When I write, as infrequent as that may sometimes be, and I am producing a serious volume of output there is always some background noise. Some people make playlists of particularly inspiring pieces of music, or songs that are acting as a soundtrack to the stories they are writing.

I remember reading an interview with the late and great Iain M. Banks where he said he had once written with a James Bond movie on in the background because he was so familiar with it he didn’t have to pay it such attention. It became like a white noise that filled the air as he wrote but didn’t distract him.  While I would never dream of comparing myself to him, I feel very much the same way – only for me it’s not James Bond movies (as much as I am accustomed to them as well) but television. Most comedies, American sitcoms, either on DVD where there are up to 8 episodes on a disc or whatever is on Comedy Central during the day. Heavily edited episodes of Two and a Half Men usually.

For me it’s not about getting inspiration from these shows as I write, but about the ease and familiarity they provide that allow me to write without the feeling of frustration that I had felt at the pub.

So what is your white noise when you are writing, or do you like to be distracted and tested when you do?

Storyslingers is getting Social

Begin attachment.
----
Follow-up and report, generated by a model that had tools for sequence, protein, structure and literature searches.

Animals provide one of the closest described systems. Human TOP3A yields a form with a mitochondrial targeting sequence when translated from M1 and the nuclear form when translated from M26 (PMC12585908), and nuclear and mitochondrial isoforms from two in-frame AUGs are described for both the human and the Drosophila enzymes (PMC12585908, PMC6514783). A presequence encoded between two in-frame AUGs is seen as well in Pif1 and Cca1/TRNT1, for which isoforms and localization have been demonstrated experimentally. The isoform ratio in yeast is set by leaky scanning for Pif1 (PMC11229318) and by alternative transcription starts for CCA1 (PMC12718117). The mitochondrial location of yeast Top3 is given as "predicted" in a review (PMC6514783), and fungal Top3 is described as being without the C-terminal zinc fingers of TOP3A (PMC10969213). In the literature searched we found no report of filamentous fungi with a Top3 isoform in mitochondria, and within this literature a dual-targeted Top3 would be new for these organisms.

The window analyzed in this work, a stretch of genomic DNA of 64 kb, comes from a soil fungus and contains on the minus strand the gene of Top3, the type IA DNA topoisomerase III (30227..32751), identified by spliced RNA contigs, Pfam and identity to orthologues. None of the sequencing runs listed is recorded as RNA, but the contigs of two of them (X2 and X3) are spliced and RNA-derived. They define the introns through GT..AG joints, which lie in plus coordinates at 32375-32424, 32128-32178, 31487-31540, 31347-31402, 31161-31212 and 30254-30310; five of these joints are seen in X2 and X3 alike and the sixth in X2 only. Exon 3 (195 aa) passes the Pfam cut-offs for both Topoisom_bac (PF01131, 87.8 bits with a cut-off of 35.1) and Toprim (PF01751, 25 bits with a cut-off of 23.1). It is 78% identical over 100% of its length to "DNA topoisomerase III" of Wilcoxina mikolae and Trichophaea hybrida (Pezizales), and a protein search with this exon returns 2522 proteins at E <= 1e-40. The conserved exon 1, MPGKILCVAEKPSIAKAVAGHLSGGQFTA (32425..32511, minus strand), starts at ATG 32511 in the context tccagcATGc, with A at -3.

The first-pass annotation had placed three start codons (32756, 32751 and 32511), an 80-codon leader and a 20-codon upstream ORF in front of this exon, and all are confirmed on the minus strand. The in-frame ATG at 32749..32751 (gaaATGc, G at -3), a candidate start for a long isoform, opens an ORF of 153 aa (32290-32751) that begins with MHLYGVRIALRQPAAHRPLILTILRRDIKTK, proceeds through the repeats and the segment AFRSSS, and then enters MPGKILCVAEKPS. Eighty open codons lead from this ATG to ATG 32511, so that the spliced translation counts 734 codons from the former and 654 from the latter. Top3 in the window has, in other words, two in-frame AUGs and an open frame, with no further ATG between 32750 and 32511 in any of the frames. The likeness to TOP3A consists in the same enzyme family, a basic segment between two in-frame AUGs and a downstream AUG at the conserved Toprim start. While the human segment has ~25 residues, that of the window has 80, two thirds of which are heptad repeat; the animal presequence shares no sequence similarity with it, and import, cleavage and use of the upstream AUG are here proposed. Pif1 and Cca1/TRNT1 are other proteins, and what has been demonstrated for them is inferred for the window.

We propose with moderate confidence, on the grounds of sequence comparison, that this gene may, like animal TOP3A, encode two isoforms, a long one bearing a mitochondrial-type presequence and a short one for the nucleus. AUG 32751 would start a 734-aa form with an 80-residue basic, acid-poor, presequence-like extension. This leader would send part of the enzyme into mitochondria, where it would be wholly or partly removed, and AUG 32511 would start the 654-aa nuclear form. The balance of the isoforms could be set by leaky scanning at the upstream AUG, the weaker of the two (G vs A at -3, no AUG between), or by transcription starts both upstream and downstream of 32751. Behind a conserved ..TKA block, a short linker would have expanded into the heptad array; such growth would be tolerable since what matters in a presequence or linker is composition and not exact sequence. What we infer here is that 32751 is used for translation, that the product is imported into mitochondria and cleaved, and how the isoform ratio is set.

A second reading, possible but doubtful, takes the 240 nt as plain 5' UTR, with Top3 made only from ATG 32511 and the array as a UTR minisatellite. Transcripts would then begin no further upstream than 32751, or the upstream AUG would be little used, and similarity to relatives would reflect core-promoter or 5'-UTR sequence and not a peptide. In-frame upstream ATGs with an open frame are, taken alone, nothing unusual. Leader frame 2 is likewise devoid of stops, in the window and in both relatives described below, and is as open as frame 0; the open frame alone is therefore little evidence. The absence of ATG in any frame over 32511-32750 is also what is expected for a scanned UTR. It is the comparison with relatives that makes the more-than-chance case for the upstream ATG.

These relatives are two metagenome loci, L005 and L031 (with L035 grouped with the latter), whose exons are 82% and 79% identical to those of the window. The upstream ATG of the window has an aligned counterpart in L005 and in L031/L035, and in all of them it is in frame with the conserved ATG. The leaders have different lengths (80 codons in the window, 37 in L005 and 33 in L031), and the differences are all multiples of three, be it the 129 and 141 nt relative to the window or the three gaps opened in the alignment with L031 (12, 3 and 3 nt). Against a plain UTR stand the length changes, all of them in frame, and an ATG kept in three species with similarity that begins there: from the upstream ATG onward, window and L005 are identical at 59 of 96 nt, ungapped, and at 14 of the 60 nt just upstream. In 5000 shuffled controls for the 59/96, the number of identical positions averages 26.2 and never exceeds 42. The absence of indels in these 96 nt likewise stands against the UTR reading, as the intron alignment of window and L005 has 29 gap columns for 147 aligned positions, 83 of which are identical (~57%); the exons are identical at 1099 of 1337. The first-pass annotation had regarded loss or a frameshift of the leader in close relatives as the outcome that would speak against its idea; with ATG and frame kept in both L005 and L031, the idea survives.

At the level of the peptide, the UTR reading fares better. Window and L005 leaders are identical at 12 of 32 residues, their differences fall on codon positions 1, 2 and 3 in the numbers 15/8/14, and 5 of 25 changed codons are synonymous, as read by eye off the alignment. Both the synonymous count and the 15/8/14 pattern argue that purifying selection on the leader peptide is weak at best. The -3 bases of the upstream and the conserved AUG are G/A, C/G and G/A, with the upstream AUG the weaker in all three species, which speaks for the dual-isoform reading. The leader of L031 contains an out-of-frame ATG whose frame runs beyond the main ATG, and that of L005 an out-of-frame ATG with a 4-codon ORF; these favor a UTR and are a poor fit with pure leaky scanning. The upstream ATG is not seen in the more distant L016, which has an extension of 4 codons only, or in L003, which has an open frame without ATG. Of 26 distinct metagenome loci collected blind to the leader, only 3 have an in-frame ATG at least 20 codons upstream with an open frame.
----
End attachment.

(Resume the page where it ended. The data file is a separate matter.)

Amidst all the group activities and new blogging faces, we’ve forgotten to mention our social networking venues–places you can find us on the web to connect or comment, or just keep up with what we’re up to (we’re a busy lot, us Storyslingers).

Storyslingers on Facebook – Our FB group has been going for a while now, and we regularly post links and info about up-coming events and news, including links to our published works. Feel free to join the group.

Storyslingers on Twitter – This is a relatively new account, so there isn’t quite as much stuff up there yet, but we will be using it regularly to link to cool writing things around Dorset and news about the group. Anyone can (and should) follow!

And of course our blog, which you are reading right now (just in case you didn’t, y’know, know).

We’re always happy to talk to people about writing or about our group, all you have to do is poke us. And if you’d like to connect on any of these services, go right ahead!